Getting Started in Flight Training

The following information is intended to answer the most common questions about getting started in flight training, and to help you to get the most out of the training process.  It is applicable for persons training for the Recreational Pilot Permit, Private Pilot Licence or Commercial Pilot Licence.

Please be aware that I am a freelance instructor.  This means that you supply the aircraft.  Please see the information on Aircraft Requirements.

The Medical Exam.

Prior to commencing your flight training, you must have a medical exam.  This exam is at your own expense.  The type of medical exam depends on the type of licence you are training for.

  • For the Recreational Pilot Permit, you must have a category 4 medical certificate.  To get this, a medical declaration form must be signed by a doctor (any GP will do), and then sent to Transport Canada.  Here is a link to the Medical Declaration form.  Your regular family doctor can sign the medical declaration.  If you are over 40, an electrocardiogram will be required.
  • For the Private Pilot Licence, a category 3 medical certificate is required.  A medical exam must be done by a Civil Aviation Medical Examiner.  The doctor has the required forms for you to fill out.  After your medical exam is complete, the doctor will send the report to Transport Canada, after which you will be issued a Medical Certificate.  This process can take 4 to 6 weeks.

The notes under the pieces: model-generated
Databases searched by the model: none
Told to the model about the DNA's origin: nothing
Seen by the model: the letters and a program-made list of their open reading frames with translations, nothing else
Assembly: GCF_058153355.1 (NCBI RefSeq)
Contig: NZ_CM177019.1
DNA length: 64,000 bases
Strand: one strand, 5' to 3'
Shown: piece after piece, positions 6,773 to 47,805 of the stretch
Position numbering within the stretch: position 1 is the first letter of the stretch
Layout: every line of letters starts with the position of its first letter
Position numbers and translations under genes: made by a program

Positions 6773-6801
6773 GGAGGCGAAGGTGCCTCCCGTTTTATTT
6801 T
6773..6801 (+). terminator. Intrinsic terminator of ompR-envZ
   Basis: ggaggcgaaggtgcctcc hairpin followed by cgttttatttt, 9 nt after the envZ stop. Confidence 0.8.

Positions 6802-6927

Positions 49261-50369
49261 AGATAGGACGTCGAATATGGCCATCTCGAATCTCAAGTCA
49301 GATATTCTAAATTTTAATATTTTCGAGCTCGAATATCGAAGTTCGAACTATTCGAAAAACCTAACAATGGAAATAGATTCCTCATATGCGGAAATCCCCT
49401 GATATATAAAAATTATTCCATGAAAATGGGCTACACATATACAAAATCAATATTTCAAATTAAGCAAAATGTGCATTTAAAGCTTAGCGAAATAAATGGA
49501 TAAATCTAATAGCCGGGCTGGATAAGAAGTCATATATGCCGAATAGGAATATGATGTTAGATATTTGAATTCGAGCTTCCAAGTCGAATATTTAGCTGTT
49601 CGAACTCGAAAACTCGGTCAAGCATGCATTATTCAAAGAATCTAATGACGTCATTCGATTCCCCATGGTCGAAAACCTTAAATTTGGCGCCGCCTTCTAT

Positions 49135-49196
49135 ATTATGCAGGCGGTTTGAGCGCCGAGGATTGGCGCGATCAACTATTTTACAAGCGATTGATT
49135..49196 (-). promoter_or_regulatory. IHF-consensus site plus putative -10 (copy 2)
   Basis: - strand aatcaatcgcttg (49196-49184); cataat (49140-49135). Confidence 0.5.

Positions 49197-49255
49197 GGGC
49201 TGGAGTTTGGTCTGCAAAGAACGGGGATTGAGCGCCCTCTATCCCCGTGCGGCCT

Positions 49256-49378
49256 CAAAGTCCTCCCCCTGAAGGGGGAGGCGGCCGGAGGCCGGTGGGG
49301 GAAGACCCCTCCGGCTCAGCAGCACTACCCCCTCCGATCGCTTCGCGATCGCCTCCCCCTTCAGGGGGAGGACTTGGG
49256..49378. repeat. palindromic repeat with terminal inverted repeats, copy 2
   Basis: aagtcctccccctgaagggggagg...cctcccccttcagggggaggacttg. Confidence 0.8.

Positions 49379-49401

• For the Commercial Pilot Licence, a category 1 medical certificate is required.  If you are planning on training for this licence in the future, it is best to get the category 1 medical rather than the category 3 medical prior to starting your Private Pilot training.  This will help avoid unpleasant surprises.

Use this link to find an aviation medical examiner near you

Books and Materials.

Before your first flying lesson, you should purchase your books and materials.  This package contains all of the books and equipment that you will need for your training.  It is best to purchase the materials in advance, as you will be asked to do some reading before your first lesson.  Visit  or another Canadian supplier to order.